Creating Lambda@Edge and Route 53 Resources with CloudFormation
Previously, I showed you how to automatically provision AWS resources with CloudFormation. CloudFormation provides a concise, declarative syntax for configuring a “stack” of AWS resources. Given the sizable catalog of services provided by AWS, and the need to connect services together for most use cases, being able to declare a stack of connected services all together in a single configuration file will help you keep track of your project’s infrastructure and reduce the likelihood of misconfiguration.
Automate Your Static Hosting Environment With AWS CloudFormation
I love automation. If you’ve been following this blog, you’ll know I’ve written a few times about using continuous integration to automate the deployment of your software. Why stop at deployment? Can we use automation to improve our infrastructure?
The answer, unsurprisingly, is yes (this would be a pretty short article otherwise.) There are many different tools out there that can be used to automate the provisioning of hosting infrastructure.
Create In-App Documentation For Content Editors
Say you’re writing some code and you hit a road block: what was the name of that method again? Which parameters do I need to send in this API request? What does this error message mean? At times like this, developers reach for the documentation. Ideally, this documentation is close at hand in order to minimize the interruption to your coding flow.
Forestry’s content editor plays an interesting role in the creation of static sites.
In Search of the Best Continuous Deployment Service
We’ve written before about the advantages of automated deployment, particularly for static sites. Continuous Integration and Continuous Deployment are a ubiquitous strategy for managing the release of software. There are several options out there for running your CI/CD pipelines, with their own strengths and weaknesses. Which one should you use? In this article, we will look at 5 different services that you can use to build, test, and deploy your code.
Keeping Content DRY: Data Relationships In Hugo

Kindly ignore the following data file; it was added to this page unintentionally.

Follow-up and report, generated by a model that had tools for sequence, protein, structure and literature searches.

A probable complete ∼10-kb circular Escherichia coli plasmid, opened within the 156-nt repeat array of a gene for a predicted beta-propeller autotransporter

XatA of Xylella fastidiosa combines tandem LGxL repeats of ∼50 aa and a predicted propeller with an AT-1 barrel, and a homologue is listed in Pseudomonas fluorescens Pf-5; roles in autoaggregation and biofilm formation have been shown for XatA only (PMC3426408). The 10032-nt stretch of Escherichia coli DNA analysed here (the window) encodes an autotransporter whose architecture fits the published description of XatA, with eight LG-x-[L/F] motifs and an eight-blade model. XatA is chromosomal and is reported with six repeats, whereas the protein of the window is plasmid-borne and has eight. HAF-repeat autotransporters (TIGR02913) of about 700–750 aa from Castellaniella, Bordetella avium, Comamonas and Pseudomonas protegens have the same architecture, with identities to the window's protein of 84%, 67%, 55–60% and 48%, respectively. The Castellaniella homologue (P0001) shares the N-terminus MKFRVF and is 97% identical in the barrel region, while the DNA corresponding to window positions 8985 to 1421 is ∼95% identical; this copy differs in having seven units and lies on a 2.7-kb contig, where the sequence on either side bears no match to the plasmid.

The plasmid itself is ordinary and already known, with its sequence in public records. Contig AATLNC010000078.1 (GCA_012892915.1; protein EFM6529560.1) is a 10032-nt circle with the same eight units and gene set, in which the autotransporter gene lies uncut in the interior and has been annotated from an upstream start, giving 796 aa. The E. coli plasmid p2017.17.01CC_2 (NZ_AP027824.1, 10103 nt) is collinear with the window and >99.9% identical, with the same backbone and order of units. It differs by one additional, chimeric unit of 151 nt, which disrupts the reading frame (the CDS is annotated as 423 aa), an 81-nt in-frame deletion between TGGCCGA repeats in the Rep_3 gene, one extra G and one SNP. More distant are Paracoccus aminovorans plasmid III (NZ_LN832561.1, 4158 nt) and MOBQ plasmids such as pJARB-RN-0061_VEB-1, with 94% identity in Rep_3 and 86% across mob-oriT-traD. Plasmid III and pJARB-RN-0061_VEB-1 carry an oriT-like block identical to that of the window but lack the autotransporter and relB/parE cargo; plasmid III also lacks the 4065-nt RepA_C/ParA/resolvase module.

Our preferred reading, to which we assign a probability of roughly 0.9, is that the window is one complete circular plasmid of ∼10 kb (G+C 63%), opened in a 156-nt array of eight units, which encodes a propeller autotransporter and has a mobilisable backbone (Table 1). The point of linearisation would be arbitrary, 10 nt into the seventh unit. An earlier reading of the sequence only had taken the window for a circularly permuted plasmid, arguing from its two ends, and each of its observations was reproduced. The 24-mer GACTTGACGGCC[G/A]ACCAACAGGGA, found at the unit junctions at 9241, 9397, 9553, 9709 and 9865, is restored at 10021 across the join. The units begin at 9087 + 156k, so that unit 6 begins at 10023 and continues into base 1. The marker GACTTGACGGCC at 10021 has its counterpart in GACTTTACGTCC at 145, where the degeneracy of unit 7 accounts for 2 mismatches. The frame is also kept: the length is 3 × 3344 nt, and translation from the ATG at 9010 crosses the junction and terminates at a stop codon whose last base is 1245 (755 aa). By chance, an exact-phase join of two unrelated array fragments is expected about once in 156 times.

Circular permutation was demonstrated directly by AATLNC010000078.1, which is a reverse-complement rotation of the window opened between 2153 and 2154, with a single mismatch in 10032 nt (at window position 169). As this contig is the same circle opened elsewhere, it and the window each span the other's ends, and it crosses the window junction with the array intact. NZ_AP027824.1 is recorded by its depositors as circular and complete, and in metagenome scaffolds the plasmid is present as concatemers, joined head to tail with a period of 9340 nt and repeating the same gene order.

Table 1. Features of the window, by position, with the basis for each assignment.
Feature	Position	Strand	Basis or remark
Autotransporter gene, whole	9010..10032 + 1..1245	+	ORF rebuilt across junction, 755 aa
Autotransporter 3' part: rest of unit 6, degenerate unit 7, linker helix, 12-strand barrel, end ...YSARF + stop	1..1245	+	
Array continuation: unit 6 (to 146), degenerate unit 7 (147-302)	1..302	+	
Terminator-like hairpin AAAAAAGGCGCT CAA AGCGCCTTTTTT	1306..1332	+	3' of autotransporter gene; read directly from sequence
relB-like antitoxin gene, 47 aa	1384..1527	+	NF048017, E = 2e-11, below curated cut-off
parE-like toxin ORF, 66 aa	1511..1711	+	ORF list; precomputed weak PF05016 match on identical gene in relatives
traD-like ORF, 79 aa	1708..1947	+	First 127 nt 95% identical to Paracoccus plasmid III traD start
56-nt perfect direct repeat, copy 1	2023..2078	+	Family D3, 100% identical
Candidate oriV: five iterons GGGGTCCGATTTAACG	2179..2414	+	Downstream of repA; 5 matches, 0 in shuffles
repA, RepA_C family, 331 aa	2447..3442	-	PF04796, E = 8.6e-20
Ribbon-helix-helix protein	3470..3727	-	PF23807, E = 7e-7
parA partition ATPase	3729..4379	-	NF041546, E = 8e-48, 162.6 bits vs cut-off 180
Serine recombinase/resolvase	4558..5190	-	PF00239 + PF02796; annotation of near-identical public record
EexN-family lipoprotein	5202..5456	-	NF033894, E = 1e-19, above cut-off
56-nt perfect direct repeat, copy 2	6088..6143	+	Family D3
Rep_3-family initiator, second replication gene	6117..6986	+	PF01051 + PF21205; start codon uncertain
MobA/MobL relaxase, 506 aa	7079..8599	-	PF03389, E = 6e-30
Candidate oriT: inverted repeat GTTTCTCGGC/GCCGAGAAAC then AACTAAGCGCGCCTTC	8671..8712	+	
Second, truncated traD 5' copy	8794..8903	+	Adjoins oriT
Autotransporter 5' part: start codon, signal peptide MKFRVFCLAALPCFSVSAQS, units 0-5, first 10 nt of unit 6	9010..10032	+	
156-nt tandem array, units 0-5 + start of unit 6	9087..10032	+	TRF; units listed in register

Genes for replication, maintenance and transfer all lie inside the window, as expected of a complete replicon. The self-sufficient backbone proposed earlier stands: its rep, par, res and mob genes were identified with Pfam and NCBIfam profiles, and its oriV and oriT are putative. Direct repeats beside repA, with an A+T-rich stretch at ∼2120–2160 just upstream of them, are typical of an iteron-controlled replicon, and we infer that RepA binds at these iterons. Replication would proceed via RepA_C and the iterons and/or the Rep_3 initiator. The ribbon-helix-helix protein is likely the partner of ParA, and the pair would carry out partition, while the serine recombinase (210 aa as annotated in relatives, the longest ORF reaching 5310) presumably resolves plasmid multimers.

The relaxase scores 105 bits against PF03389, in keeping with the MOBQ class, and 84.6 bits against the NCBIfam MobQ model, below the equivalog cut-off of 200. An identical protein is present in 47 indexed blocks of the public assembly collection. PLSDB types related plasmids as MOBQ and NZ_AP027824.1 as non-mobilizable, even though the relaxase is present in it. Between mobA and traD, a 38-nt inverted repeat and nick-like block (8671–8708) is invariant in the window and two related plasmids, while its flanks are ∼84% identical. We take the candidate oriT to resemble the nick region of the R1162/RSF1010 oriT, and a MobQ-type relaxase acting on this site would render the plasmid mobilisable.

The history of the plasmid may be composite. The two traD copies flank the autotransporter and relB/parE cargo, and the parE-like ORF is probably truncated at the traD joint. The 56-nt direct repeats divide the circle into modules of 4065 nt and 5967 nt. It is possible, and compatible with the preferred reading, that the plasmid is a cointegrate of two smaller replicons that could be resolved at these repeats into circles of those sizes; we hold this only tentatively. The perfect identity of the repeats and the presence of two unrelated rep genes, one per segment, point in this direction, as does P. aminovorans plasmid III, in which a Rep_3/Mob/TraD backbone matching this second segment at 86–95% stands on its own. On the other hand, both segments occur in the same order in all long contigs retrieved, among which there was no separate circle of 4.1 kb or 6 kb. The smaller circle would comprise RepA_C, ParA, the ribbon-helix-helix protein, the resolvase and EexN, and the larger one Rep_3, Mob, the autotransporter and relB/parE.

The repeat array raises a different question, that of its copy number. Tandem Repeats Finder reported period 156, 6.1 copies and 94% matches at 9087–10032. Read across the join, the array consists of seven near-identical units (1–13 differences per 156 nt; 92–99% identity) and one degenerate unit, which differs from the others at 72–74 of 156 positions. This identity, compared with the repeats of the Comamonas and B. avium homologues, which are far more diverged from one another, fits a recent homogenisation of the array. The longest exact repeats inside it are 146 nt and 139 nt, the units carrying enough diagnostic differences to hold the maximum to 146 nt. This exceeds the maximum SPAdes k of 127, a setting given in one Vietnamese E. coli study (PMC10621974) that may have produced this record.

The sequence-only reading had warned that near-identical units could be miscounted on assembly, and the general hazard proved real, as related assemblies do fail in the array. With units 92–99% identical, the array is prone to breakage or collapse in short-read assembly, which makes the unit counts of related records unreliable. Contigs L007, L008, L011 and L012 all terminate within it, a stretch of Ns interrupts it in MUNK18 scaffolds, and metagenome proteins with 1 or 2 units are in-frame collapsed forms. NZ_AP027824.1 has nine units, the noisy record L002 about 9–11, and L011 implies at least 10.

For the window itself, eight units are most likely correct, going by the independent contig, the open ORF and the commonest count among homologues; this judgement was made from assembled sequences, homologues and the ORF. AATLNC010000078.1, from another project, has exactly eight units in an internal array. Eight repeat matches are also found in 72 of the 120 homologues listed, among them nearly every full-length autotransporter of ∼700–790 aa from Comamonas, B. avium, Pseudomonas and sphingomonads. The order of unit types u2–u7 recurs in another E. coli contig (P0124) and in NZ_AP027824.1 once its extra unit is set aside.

Don’t Repeat Yourself is the perennial mantra of the software developer. It doesn’t mean you should never do the same thing twice, but instead refers to having a single, authoritative source of truth for every piece of information used in your software.
Don’t Repeat Yourself is frequently applied to code, where knowledge is susceptible to duplication through the copying and pasting of code blocks where an abstraction should be used instead.
VuePress Brings Your Documentation to Life
VuePress has the flexibility to build any static site, but it particularly excels at working with documentation. In this article, I’ll show you how to adapt your docs to VuePress for documentation that survives on Github, but thrives on its own.
Creating a Multilingual Blog With Jekyll
Reaching an international audience means having international content. Having your content available in multiple languages is great for maximizing your potential audience. On top of that, ensuring your multilingual site’s content is easy to edit is especially important, to enable translators without development experience to work effectively and reduce the incidence of translation errors.
In this post, I will explore how to set up a Jekyll site to support multiple languages, and use Forestry to provide an interface for creating translations.
Why We Created a Git-Backed Content Manager
Software developers have long used Version Control Systems for tracking changes to code. Any code project will benefit greatly from using version control, and any developer worth her salt should be wary of a codebase that does not use version control. Version control makes it easy to monitor changes to code, track down bugs, and manage releases.
Forestry’s content manager is supported by Git, one of the most popular version control systems available today.
Creating a Form Builder With Formspree and Forestry Blocks
When we announced the Blocks feature, we touted it as a great way to create a page builder for your site. While this use case drove the development of Blocks, we knew there would be other interesting things that could be done with it.
When I previously showed you how to integrate Snipcart with your Forestry site, I used Blocks to configure custom fields for Snipcart products. Today, I’m going to take that idea to a whole new level by using Blocks to create a full-fledged form builder that your website editors can use to create web forms.
Add Functionality to Your Hugo Site With Theme Components
Theme Components are a relatively new addition to Hugo, first appearing in the 0.42 release. When Hugo looks for certain files (such as data and layout files,) it will first look in the top level of your project, and then look in the subdirectory of themes/ that matches the theme you have set in config.toml. Previously, you could only specify a single theme in your config.toml file. The way theme components work is pretty simple: they allow you to specify an array of themes in config.